they are pretty close to the same size as a .22lr cartridge with only a slightly thicker "rim". They are far more durable than the purpose-built snap-caps

#5442559 - 07/21/11 Re: Totally tubular--Savage 1914 with factory letter info [Re: Fushigi_Ojisan]  
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gnoahhh Offline
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gnoahhh  Offline
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Annapolis, Md.
Whew! Had me worried for a second! I like that idea.


"Where the air smelled like snakes and we'd shoot with our pistols, but empty pop bottles was all we would kill." John Prine
#5443074 - 07/21/11 Re: Totally tubular--Savage 1914 with factory letter info [Re: Fushigi_Ojisan]  
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Rick99 Offline
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N E Kansas
FO, is the butt plate grooved? It the barrel crowned or flat?

Thanks for the letter info. We have little info on production dated for the early .22's.


Savage...never say "never".
Rick...

Join the NRA...together we stand, divided we fall!


#5446856 - 07/22/11 Re: Totally tubular--Savage 1914 with factory letter info [Re: Rick99]  
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Fushigi_Ojisan Offline
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Fushigi_Ojisan  Offline
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Where the B&O and Pennsylvania...
Grooved and flat

[Linked Image]

[Linked Image]

Last edited by Fushigi_Ojisan; 07/22/11.
#5447033 - 07/22/11 Re: Totally tubular--Savage 1914 with factory letter info [Re: Fushigi_Ojisan]  
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Dons1 Offline
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FO, I can't see the rear Bbl sight very clearly in your pics. Is it something like this'un?:
[Linked Image]


#5447100 - 07/22/11 Re: Totally tubular--Savage 1914 with factory letter info [Re: Dons1]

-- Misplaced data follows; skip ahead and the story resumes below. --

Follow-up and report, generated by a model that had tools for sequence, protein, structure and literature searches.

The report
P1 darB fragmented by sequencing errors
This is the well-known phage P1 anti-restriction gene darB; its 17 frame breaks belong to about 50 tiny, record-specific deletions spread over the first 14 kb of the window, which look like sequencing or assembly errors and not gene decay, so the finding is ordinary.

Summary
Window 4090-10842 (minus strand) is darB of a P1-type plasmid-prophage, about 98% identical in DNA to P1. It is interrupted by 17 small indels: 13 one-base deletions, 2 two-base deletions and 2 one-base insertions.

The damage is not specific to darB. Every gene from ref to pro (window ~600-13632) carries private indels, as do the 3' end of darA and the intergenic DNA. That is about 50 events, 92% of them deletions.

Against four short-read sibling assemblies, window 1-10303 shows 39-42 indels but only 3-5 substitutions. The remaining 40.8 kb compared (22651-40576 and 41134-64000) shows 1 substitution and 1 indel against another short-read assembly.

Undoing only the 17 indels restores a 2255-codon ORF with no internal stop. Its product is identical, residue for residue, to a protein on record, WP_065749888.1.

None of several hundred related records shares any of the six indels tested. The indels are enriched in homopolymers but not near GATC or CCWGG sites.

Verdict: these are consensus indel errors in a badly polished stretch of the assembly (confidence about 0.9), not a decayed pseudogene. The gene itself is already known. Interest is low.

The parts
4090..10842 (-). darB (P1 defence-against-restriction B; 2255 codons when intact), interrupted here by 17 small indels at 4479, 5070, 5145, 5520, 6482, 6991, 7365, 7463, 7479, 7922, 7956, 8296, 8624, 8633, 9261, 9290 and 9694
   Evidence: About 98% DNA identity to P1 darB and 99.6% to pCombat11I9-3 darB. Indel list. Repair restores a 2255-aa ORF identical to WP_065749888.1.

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steve99 Offline
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steve99  Offline
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Fushigisan,

I think you did fine on that auction.

If you are going to remove the tang sight, can you tell us if the top tang is model marked? Thanks.


"Americans have the right and advantage of being armed-unlike the citizens of other countries whose governments are afraid to trust the people with arms." James Madison
#5447304 - 07/22/11 Re: Totally tubular--Savage 1914 with factory letter info [Re: steve99]  
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GeneB Offline
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GeneB  Offline
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South Central Wisconsin
Remember when you go to shoot it that 1914's were "NOT DESIGNED FOR USE WITH HI-SPEED CARTRIDGES"
[Linked Image]


Gene

...when someone refers to me as a jerk, they make it sound as if it's a bad thing...
#5448841 - 07/23/11 Re: Totally tubular--Savage 1914 with factory letter info [Re: GeneB]  
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Rick99 Offline
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...to add to that, most of the Savage .22's made before around 1933(?) were NOT designed to shoot Hi-speed ammo. The NRA 19, 1922, 23A might be the exception.

CCI Standard Velocity, CB Short or Longs, any of the sub-sonic or match ammo should work fine.


Savage...never say "never".
Rick...

Join the NRA...together we stand, divided we fall!


#5448874 - 07/23/11 Re: Totally tubular--Savage 1914 with factory letter info [Re: Rick99]  
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gnoahhh Offline
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gnoahhh  Offline
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Annapolis, Md.
Correct me if I'm wrong, but didn't hi vel ammo come into existence in 1932? If that was the case then categorically anything made before 1933 was intended for std vel stuff. There are a few rifles from that era that had/have the moxie for hi speed stuff but they are bolt action guns like the Winchester 52, 1922 Springfield, and various stout single shots and surely some of the better quality 1920's pumps from Sav/Win/Rem. (I routinely fire HS ammo in my 1927 Rem 12C with no visual ill effects. Maybe I shouldn't.) Did Savage give a retro blessing for pre-existing 1919s, 23s, and Model 25 pumps after hi speed ammo came out, possibly through their advertising? I wonder if any of the Big 3 made radical changes to their metallurgy to accommodate the new ammo?


"Where the air smelled like snakes and we'd shoot with our pistols, but empty pop bottles was all we would kill." John Prine
#5449123 - 07/23/11 Re: Totally tubular--Savage 1914 with factory letter info [Re: gnoahhh]